In the absence of the gods, the tragic trajectory of the story is all too human. And like all stories of this nature, it is hard to identify at which point their fates were set.
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review 2017-06-11 21:22
I found the retelling of the story of Clytemnestra and Agamemnon's deaths to be very well done.
House of Names: A Novel - Colm Tóibín

House of Names, Colm Toibin, author; Juliet Stevenson, Charlie Anson, Pippa Nixon, narrators
I really enjoyed the narration of this short novel about a famous Greek myth. In order to retain power and success in battle, Agamemnon has arranged for the murder of his own first born daughter, Iphigenia, to appease the gods who have demanded it. The elders agree that this must be done to save their own lives and protect their families. They agree to tear asunder his family and to take the life of an innocent young girl to save their own. This they believe will turn the tide of battle in their favor. So begins a cycle of deception and violence.
Clytemnestra was deceived into preparing her daughter to be the bride of Achilles. Unwittingly, she brought her daughter to her place of slaughter. When her husband, Agamemnon, returns victorious after battle, she is ready to take action to avenge her daughter’s death. Clytemnestra teams up with a prisoner, Aegisthus, to carry out her deed. One murder leads to another in a cycle of violence and betrayal.
Meanwhile, Elektra, sister to Iphigenia, draws her own conclusions about her sister’s death, blaming her mother. Orestes knows his father ordered her murder, but is unaware of anything else that has happened. Both sister and brother have been temporarily neutralized by order of Aegisthus and are imprisoned.
As Toibin reimagines how these characters feel and react, the reader is drawn into the palace and their lives. The secrets that are kept and the deceptions that are planned lead to more and more confusion, rumor and disloyalty. Toibin breathes life into their introspection and behavior.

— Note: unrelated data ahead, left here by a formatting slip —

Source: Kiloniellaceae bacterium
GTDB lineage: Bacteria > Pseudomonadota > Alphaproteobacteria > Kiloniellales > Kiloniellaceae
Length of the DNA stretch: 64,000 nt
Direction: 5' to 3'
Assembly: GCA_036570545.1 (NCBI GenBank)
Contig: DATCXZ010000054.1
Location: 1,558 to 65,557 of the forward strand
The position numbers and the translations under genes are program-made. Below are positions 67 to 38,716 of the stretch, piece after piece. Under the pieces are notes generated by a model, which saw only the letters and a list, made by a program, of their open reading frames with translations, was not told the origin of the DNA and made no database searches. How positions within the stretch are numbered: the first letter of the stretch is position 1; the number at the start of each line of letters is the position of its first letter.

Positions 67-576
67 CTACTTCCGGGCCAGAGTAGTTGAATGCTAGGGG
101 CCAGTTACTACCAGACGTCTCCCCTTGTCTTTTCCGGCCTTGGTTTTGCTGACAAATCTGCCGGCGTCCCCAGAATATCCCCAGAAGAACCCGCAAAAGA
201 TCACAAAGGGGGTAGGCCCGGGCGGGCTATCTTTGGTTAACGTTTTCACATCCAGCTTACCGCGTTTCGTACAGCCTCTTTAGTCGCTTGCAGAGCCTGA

In this retelling of the story, the characters deal with all the pain of human suffering and the duplicity of those around them. The narrators brought them to life as their performance was not only insightful, but their portrayals felt genuine. I could actually see the shade of Clytemnestra walking in the corridor, feel the blade plunge into the neck of Agamemnon, hear the cries of Iphigenia as she was brought to the slaughter, feel the fear of Orestes as he tried to pretend to be brave and grown up when he was kidnapped and didn’t fully understand his position, and the deceitfulness of Elektra as she carried out her own plans.
I wondered how it would have turned out if Orestes had been a more active participant in the entire process of the palace intrigue. Although he is not, and is rather an observer forced to be on the sidelines, it felt to me like Orestes was the dupe, the foil, the Job like character who was the catalyst for bringing about the events that would take them all into the future. At the end of the novel, there is a germ of greater freedom planted and the yoke of slavery begins to be questioned.
Each character modeled his/her behavior on someone who may or may not have been worthy. Power was constantly changing hands. Fealty was questioned, people were murdered. Elektra’s character was hard to read as she seemed to be part heroine and part villain, as did Aegisthus and even Leander. Orestes seemed to be caught in the trap each laid. I believe the author has done a wonderful job of reimagining this myth, making the inner workings and feelings of the palace and the characters real, rather than objects of imagination.
I am not sure if it is as good a read in a print book, but as an audio, I found it captivating. I could not stop listening and felt regret when I was forced to put it down for awhile by other earthly needs.